With the acknowledgement that death and grief are not taught or discussed much in our society from an early age, Leanne admits it's our job as parents or our parents' jobs to open up that conversation. "They need to prepare us for feeling and going through all those emotions, The stages of grief are very real. The first one is denial, and you don't even realize it is happening, and that's good. That's a wonderful gift, denial," she laughed.

Another part of their life revealed within the book are details regarding Leanne's first marriage, an aspect she had her doubts in initially sharing and putting to paper for the world to read.

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(Photo: HarperCollins Publishing / Thomas Nelson)

"[It] was a very big debate of what to say about that," she admits. " I didn't want to ignore the fact that I was married because it was obviously an important part of my life, but I wanted to be very respectful of my first husband. Just did a couple paragraphs just to kind of explain what it was, I felt important to do, but to not dwell on it. Obviously, there's no ill feelings. I wanted it to be out of kindness, which I hope translated."

Going on to say how it was a "touchy subject" considering it's about somebody else and their life as well, she "just really wanted to be very respectful of it" and ensure it was all very eloquent.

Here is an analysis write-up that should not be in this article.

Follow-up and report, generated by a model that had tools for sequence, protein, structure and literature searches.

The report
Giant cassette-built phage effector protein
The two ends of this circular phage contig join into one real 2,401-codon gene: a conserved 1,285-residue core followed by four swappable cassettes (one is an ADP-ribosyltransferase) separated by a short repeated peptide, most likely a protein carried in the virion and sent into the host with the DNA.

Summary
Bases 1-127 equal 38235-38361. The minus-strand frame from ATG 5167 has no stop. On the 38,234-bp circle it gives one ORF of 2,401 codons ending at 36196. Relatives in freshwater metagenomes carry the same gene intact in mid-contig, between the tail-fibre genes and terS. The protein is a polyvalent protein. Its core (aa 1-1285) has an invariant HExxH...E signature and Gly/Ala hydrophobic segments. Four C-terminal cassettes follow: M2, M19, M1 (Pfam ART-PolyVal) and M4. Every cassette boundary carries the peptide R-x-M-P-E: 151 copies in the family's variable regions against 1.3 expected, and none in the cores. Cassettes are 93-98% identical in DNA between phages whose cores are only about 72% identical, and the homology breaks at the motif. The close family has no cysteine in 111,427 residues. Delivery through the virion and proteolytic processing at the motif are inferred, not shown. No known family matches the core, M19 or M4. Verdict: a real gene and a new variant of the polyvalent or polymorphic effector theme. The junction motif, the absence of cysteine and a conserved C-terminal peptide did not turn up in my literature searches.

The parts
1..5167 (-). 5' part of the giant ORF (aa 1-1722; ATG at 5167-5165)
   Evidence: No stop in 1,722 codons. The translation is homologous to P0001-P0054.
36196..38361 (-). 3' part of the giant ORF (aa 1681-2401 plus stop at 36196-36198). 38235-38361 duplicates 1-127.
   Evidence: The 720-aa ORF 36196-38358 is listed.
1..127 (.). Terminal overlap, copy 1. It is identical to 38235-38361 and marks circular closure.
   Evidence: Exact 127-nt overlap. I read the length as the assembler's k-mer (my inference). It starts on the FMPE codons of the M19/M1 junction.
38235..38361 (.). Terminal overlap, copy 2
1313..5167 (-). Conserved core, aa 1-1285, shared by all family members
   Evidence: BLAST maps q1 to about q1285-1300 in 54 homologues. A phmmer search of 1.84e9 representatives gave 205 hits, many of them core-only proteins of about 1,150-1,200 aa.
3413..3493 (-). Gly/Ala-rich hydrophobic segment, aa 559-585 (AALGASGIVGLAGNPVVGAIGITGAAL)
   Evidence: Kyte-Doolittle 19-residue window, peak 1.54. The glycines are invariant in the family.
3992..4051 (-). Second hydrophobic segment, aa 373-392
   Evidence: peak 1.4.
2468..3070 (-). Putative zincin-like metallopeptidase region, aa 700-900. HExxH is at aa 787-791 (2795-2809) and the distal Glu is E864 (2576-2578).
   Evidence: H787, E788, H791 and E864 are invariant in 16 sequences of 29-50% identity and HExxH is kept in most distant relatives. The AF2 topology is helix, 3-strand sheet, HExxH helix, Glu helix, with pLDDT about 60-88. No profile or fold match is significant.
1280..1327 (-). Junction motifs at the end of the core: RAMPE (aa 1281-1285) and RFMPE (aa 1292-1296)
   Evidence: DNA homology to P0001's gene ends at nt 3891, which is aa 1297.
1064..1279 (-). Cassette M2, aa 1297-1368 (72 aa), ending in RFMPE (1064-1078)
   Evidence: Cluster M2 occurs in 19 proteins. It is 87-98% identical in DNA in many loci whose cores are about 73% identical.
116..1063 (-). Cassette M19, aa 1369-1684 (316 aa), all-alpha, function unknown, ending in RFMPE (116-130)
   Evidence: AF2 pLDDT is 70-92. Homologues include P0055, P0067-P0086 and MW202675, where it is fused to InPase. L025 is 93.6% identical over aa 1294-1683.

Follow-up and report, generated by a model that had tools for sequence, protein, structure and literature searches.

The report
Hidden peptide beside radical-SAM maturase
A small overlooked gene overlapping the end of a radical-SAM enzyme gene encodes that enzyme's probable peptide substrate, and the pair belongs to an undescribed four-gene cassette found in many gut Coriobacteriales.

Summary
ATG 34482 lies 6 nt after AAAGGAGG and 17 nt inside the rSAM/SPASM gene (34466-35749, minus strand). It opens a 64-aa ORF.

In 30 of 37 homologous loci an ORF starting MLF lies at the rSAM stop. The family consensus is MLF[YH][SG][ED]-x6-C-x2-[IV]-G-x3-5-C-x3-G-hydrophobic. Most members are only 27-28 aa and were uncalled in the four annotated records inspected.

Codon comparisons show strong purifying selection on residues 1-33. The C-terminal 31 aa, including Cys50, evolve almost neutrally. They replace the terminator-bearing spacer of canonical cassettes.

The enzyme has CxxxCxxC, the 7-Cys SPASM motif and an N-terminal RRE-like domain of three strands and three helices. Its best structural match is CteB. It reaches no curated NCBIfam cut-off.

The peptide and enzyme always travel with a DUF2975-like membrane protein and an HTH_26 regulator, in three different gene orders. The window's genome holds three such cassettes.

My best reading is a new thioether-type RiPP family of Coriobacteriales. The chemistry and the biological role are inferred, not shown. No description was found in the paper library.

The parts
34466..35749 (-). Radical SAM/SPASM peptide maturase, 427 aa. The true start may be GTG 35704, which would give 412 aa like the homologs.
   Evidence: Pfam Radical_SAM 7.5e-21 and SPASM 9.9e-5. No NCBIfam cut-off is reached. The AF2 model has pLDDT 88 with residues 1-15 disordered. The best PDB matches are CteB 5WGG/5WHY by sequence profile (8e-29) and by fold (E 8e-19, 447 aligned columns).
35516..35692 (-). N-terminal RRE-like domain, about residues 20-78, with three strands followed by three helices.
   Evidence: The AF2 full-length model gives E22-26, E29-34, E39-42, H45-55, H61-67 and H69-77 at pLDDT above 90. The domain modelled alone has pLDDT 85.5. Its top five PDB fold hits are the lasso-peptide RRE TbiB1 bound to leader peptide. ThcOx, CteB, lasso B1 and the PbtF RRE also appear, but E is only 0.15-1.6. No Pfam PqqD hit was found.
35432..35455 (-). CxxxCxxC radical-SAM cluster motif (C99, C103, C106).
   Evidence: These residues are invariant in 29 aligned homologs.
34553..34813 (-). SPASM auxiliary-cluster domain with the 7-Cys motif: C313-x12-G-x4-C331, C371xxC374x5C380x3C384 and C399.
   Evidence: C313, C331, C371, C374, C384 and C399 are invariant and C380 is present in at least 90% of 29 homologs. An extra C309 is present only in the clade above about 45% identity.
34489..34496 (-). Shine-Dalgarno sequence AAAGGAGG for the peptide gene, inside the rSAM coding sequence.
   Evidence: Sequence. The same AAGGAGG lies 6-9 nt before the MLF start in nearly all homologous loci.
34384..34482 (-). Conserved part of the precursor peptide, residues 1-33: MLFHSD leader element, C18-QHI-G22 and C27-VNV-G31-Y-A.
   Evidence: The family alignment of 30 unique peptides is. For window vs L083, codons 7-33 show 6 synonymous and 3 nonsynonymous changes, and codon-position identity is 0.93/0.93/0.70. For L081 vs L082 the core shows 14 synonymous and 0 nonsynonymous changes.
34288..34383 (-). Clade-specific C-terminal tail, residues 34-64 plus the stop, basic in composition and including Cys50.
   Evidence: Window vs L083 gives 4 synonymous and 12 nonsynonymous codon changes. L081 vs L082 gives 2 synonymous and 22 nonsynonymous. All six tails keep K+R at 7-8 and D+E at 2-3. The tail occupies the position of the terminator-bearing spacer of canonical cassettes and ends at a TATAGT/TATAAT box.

"We've all had failed relationships in one way or another — well, I guess some people married their first love, which they're very lucky. But for the rest of us, we've all had relationships fail and it always seems like it's the end of the world. When you look at it from the other side, you realize, 'Oh my gosh, that was such a wonderful thing,'" she said.

When PopCulture.com interjects how it can be a "blessing in hindsight," Leanne adds, "Thank goodness for that, but failure turns out to be an important tool for our path."

Steve adds that among the biggest things he and his sister want fans to take away from their debut memoir is not to let fear get in the way of their journey.

"The failure part, that seems to be a big topic and discussion [in the book]," Steve said. "I think people should go into it, [if] they have a creative outlet or some sort of business they want to start or whatever they want to do, not let that fear of it not working out the way they imagine it to be or publicly want it to be keep them from trying."

"It's all forward motion," Leanne adds. "I think that's what people need to understand. In success and failure, it's all forward motion, so it's a good thing."

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She goes on to share the biggest takeaway she considers crucial for the reader is also allowing oneself to break and just enjoy life. "Don't be so hard on yourself. You're going to change paths and most likely you're going to change careers, statistically. You don't need to have it all figured out right now."

Rock the Block airs Mondays at 9 p.m. ET on HGTV, and Leanne and Steve Ford's debut memoir, Work in Progress: Unconventional Thoughts on Designing an Extraordinary Life, hits store shelves nationwide and digital retailers on Oct. 29.